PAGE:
There are other advantages to lowering the thermostat during winter. A lower house temperature requires less moisture indoors to keep the indoor air at a given relative humidity level. And, your furnace or heat pump runs less at a lower indoor temperature, meaning the equipment will last longer and need fewer repairs.

If you look at setback savings charts, don’t be confused by the fact that the percentage savings are actually higher in milder climates than in colder ones. This is because the total amount of energy used to keep a house comfortably warm in a cold climate is much greater. This makes the base number larger in cold climates so the percentage savings are less even though the dollar savings are greater.

It is a myth that it takes as much energy to reheat a house, in the morning for example, as was saved during the temperature setback period overnight. The amount of heat a house loses through its walls, ceilings and floors is directly proportional to the difference between the indoor and the outdoor

temperatures. Air leakage into and out of your house also increases with larger temperature differences.

When the indoor temperature is set lower, the indoor-to-outdoor temperature difference is smaller so less heat is lost from your house. During the summer, the same is true in reverse. If less heat is lost from your house, your furnace has to use less gas, oil or electricity to create the heat to replace it. The amount of heat used to reheat the house, therefore, is less than the amount saved over the temperature setback period.

The only time a temperature setback may not be wise is if you have a heat pump with backup electric resistance heat and an old thermostat. When it is time to reheat the house and you set the thermostat higher again, the expensive backup electric resistance heater may come on. For a long eight-hour setback, you will likely still save overall, but not for just a short setback of a few hours.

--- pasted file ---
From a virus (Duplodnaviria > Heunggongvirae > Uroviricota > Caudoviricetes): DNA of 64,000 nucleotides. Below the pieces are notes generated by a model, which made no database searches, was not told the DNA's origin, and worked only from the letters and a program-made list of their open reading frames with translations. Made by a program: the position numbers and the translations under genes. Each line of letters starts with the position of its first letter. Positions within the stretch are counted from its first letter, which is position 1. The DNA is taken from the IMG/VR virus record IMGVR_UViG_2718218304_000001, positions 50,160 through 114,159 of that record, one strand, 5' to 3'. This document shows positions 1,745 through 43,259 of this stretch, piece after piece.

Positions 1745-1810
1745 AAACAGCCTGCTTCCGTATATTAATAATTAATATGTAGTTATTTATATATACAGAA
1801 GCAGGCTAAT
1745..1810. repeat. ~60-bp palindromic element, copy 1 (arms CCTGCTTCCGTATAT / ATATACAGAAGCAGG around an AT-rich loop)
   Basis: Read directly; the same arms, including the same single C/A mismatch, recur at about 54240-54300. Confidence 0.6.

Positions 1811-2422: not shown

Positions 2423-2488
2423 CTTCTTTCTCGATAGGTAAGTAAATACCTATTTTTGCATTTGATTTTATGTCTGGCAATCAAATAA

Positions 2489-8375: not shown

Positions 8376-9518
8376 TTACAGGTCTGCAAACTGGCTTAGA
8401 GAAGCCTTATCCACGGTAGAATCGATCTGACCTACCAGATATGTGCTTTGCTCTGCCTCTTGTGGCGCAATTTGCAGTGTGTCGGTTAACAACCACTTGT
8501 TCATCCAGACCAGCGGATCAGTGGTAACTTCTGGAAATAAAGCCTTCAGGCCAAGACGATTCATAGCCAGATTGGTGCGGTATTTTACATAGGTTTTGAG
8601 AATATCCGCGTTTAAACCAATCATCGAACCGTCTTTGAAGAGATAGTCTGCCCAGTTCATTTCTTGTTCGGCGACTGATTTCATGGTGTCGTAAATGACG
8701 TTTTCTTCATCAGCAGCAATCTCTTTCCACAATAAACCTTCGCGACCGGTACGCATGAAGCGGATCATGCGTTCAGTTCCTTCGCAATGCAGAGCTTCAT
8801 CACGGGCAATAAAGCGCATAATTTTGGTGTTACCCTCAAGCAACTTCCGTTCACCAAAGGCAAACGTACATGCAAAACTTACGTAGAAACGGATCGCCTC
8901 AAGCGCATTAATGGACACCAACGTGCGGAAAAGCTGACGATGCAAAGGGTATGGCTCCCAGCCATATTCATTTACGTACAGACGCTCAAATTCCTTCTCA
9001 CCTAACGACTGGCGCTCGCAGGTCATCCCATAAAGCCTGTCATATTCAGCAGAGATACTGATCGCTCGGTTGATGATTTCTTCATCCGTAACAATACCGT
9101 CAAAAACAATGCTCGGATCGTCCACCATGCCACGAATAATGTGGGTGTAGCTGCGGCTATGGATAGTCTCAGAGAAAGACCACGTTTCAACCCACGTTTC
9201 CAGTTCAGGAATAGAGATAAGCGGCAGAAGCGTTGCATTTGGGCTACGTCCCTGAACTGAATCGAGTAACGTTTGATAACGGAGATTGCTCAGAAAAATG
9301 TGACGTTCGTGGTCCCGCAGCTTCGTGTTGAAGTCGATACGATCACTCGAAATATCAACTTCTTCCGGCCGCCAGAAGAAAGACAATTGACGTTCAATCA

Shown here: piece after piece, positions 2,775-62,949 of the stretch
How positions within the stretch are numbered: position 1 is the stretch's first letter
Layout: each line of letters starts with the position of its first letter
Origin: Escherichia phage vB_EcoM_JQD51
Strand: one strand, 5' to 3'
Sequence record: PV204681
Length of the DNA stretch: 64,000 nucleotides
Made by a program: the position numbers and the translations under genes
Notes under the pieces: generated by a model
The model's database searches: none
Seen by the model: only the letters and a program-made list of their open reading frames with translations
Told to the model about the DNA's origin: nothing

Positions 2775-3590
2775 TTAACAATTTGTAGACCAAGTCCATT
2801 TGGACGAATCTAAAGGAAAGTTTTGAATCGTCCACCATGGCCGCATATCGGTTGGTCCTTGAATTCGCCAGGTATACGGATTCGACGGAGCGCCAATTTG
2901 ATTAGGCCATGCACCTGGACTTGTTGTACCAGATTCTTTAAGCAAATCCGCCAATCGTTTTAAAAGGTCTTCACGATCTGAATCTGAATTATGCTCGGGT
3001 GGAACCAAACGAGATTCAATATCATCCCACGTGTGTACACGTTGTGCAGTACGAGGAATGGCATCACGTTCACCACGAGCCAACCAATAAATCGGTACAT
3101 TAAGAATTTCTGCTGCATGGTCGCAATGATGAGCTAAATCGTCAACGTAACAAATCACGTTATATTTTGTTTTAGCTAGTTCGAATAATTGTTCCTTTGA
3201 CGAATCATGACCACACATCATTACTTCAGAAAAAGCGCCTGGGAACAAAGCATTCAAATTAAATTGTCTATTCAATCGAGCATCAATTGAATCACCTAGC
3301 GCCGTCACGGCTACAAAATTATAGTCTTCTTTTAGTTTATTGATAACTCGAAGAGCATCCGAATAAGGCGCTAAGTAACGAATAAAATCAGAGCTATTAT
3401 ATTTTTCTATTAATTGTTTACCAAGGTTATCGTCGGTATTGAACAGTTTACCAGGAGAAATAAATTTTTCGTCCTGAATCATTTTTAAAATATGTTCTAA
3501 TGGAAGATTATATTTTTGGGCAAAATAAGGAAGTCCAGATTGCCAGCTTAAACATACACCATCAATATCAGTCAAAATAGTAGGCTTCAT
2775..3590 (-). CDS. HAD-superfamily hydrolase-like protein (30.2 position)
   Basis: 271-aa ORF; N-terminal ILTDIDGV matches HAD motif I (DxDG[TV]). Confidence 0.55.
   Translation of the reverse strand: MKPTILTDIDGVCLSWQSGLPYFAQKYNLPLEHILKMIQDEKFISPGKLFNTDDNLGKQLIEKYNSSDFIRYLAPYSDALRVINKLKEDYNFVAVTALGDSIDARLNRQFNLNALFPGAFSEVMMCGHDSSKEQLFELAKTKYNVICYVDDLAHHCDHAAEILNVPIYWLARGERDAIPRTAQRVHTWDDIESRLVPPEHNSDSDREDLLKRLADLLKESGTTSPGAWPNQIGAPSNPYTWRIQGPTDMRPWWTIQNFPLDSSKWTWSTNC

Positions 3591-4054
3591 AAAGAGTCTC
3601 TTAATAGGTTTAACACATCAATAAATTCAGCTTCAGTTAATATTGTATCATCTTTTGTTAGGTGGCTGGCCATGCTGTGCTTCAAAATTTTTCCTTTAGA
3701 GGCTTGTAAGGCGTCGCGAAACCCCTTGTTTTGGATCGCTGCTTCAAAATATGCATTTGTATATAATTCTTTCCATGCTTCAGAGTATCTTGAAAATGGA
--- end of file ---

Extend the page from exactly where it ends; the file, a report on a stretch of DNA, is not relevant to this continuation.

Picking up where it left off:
If you have a heat pump, install a special setback thermostat designed for it. These heat pump thermostats have electronic circuitry to keep the backup resistance heating elements off after the setback period. My own heat pump thermostat works this way and it also allows me to block out the resistance heating when the outdoor temperature is above a certain temperature. I have mine set at 20 degrees.

There is not a “best” thermostat setting for all homes and climates. The lower you set it, the greater the overall savings will be. The amount of savings per degree for each nighttime eight-hour setback period ranges from 1 percent to 3 percent. Since many people are also gone to work during the daytime, the temperature can be set lower for about 16 hours per day. Unless there are health problems in your family, 62 degrees is comfortable if you are wearing long sleeves or a sweater.

In moderate climates, let your comfort dictate how low you initially set the furnace or heat pump thermostat. As you get used to the lower temperatures and wear a sweater, you will be able to gradually lower it more. In colder climates, excessive window condensation often limits how low the indoor temperature can be set. To set the temperature lower, you will have to reduce the indoor humidity level.

Use smaller room-heating appliances with built-in thermostats to keep just a room or two warmer if you like. Reiker) makes ceiling fans with a built-in heater and remote digital thermostat. honeywell digital thermostats makes a very efficient portable heat pump with a thermostat and remote control. Many inexpensive electric space heaters also have thermostats for zone heating.